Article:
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My marinara was strangely too acidic than before even though I used canned tomatoes which are normally ripe, but then I remembered I added white wine to the flavor base (which i reduced).

First I do not know how acidic wine or white wine is (is it? how much?)

Second, considering wine is acidic - can you cook the acidity off like you can with alcohol?

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You can' "cook off" acidity, but you can balance it. Typically in marinara, that is done with a small amount of sugar, or, better yet, half of a grated carrot per 28 oz can of tomatoes, sweated with your onion.

  • 1. Why sugar? I used sweet white wine which has lots of sugars. What would refined sugar do that the wine sugar wont do? 2. I assume carrots need some time to be sauteed or cooked to reduce their bite and soften them. Is that not the case when they are grated? – Bar Akiva Apr 3 '16 at 19:00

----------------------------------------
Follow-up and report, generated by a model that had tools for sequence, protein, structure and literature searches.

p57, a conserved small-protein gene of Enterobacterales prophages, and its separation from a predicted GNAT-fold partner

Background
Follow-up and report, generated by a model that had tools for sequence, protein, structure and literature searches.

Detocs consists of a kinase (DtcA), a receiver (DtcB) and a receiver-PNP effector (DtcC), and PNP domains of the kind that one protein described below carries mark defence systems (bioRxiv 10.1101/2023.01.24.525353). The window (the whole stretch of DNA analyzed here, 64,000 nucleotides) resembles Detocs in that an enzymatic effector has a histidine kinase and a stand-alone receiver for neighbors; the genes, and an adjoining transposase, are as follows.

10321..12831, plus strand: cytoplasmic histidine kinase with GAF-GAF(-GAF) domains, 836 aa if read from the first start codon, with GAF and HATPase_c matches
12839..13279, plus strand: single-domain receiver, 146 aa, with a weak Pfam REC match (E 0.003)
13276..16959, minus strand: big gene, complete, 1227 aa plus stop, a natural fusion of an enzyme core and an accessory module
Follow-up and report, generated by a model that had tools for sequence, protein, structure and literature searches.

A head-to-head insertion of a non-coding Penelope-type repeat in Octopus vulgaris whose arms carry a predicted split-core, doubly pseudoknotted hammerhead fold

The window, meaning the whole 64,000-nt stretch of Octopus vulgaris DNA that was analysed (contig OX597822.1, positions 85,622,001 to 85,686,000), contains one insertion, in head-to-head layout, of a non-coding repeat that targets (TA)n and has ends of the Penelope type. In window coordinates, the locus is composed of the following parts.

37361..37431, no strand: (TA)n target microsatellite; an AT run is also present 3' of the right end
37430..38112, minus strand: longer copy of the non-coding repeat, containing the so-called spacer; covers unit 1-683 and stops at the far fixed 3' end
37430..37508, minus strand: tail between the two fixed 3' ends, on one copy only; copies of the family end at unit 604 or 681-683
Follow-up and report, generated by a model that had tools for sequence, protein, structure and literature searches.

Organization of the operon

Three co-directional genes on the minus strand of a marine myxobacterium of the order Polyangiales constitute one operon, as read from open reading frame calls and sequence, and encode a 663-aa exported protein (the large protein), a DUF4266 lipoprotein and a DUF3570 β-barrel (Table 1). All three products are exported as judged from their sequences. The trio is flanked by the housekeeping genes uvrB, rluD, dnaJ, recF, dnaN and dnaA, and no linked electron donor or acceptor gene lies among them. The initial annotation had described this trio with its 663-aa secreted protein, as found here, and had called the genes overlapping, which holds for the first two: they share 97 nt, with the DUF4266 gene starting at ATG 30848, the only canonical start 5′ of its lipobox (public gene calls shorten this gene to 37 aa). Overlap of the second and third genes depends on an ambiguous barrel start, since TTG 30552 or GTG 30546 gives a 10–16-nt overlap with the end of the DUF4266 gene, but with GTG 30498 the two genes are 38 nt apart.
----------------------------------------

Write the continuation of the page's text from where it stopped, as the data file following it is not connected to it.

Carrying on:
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    sugar balances acidity. Wine might help with the acidity of the tomatoes, but, as you mentioned, your marinara was too acidic. As for the carrot, saute with onion and garlic to soften, before adding your tomatoes. – moscafj Apr 3 '16 at 19:06
  • Oh I thought you said to add the grated carrot to the marinara (tomatoes in the pan) like you would add sugar. – Bar Akiva Apr 3 '16 at 19:26
  • To reduce their bite? I've never had a bitey carrot. – rumtscho Apr 3 '16 at 20:09
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A quarter teaspoon of calcium hydroxide (slaked lime) will neutralize acid nicely, without adding a nasty flavor as does sodium bicarbonate. Found this out while nixtamalizing corn for tortillas. It works well for over-acid tomatoes, but you want to avoid adding too much as the base itself is not very soluble. You can buy the stuff at any Mexican or Latin American grocery. It's also sold as "pickling lime" in late summer, when the cucumbers begin to ripen.

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